Questions? Call us at 480-495-6980

Nutrition

Did You Know?

White vegetables, such as turnips and leeks, are high in nitrate, which can make your cardiovascular system more efficient and decrease the amount of oxygen you need during exercise so you’re extra speedy. (Sports Medicine)

 

Food For Thought… “Talking Nutrition with a Registered Dietitian”

Smart Grocery Shoppingproduce-department-

The grocery store can be a very tempting place when trying to lead a nutritious lifestyle.  It is important to go to the store with a plan of attack.

1) Arrive with a well thought out grocery list.  This will save you time, money, and prevent you from grabbing food on impulse.   When making the list, go through your refrigerator, freezer, and pantry.  See what items you are low on and then determine if repurchasing that item would be a good decision.  How many calories are in the product?  Is it fresh or processed?  When do you plan on using the product?

2) Never go to the grocery store hungry!   If you arrive to the store hungry, you will be more likely to purchase food that you otherwise wouldn’t have purchased.

3) Shop regularly.  Choose one day per week to go to the store.  This will help you keep closer tabs on your home inventory to allow a more efficient grocery store stop.

4) Make the majority of your purchase fruits and vegetables.   Avoid the dried fruits as they generally have added sugar and contain unnecessary calories.

5) Shop the perimeter of the store.  The perimeter of the store is where you will find your fresh produce, unprocessed foods, and perishable items.  These are generally healthier options.   The processed foods will be found down the isles.  Can you shop on just the perimeter of the store?

6) Look for food beyond eye level.  As a cost saving measure, make sure to look at the entire shelf.   Generally, the stores most profitable items are placed at eye level.

 

Do you have a routine for grocery shopping?


Ashley Cohen, MS, RD

ashleyecohen@gmail.com

 

 

Food For Thought…”Talking Nutrition with a Registered Dietitian” Bad Fats VS Good Fats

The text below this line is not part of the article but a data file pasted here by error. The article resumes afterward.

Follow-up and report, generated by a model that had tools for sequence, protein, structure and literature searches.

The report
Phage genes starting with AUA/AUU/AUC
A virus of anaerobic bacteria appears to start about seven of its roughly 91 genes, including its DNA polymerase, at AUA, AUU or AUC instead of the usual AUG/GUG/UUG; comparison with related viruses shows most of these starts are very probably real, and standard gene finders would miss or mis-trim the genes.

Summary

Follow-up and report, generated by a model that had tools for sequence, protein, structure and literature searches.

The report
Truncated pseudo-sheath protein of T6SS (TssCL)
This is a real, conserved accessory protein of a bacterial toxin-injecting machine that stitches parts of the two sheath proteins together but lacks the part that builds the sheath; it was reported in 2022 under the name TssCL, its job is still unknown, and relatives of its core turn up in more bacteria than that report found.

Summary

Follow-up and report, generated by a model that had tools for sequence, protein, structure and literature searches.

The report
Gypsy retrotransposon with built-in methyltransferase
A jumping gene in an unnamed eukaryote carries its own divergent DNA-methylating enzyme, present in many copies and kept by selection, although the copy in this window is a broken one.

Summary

Bad Vs. Good Fat 2

Bad Fats Vs. Good Fats 

 For a long period of time consumers perceived fats as “unhealthy”.  It is now known that fat has many benefits for the body, it’s just choosing the right types.

Fats can be broken down into potentially harmful and beneficial types.  The harmful fats include saturated and trans fat.  These fats may increase your risk for heart disease and should be avoided.   Saturated fats are generally solid at room temperature.  Trans fats are often made when food is processed through partial hydrogenation of unsaturated fats; however, it is also found naturally in some animal foods. Food companies use trans fat to increase the shelf life of a product.  Beneficial fats include monounsaturated and polyunsaturated fats.   Foods high in unsaturated fats have been shown to decrease the risk of heart disease.  Also, consuming foods high in Omega-3 fats (a type of polyunsaturated fat) have been shown to decrease triglyceride levels and decrease the risk of heart disease!

It is ideal to consume foods low in saturated fat and trans fat and high in monounsaturated fat and polyunsaturated fats.

Fun Tip of the Week:

Food companies can claim that their product is “trans fat-free” even if it contains trans fat.  If a food item contains less than ½ gram of trans fat per serving, it can be considered trans fat-free!!   Always check the nutrition fact label under ingredients.  If you see the words “partially hydrogenated oils”, it means there are trans fat.

 

 Let’s distinguish between different types of fat found in our food sources.

Polyunsaturated Fat 🙂 

 English walnuts, pine nuts, corn oil, plant stanol esters, reduced-fat salad dressing, pumpkin seeds, flaxseeds, sunflower seeds, sesame seeds, tahini or sesame pasta

 Omega-3:  Albacore tuna, halibut, herring, mackerel, salmon,   sardines, trout; flaxseeds and English walnuts; canola oil,  soybean oil, flaxseed oil, and walnut oil

 

 Monounsaturated Fat  🙂

  Avocado, nut butter, almonds, brazil nuts, cashews, macadamia nuts,  peanuts, pecans, pistachios, olive oil, canola oil, peanut oil

 

Saturated Fat  🙁

Bacon, butter, coconut, half and half cream, whipped cream, cream cheese, lard, coconut oil, palm oil, palm kernel oil, sour cream, solid shortening, salt pork

 

Trans Fat- “Bad fat”  🙁  

   Solid vegetable shortening, stick margarines, some tub margarines, some crackers, candies, cookies, snack foods, fried foods,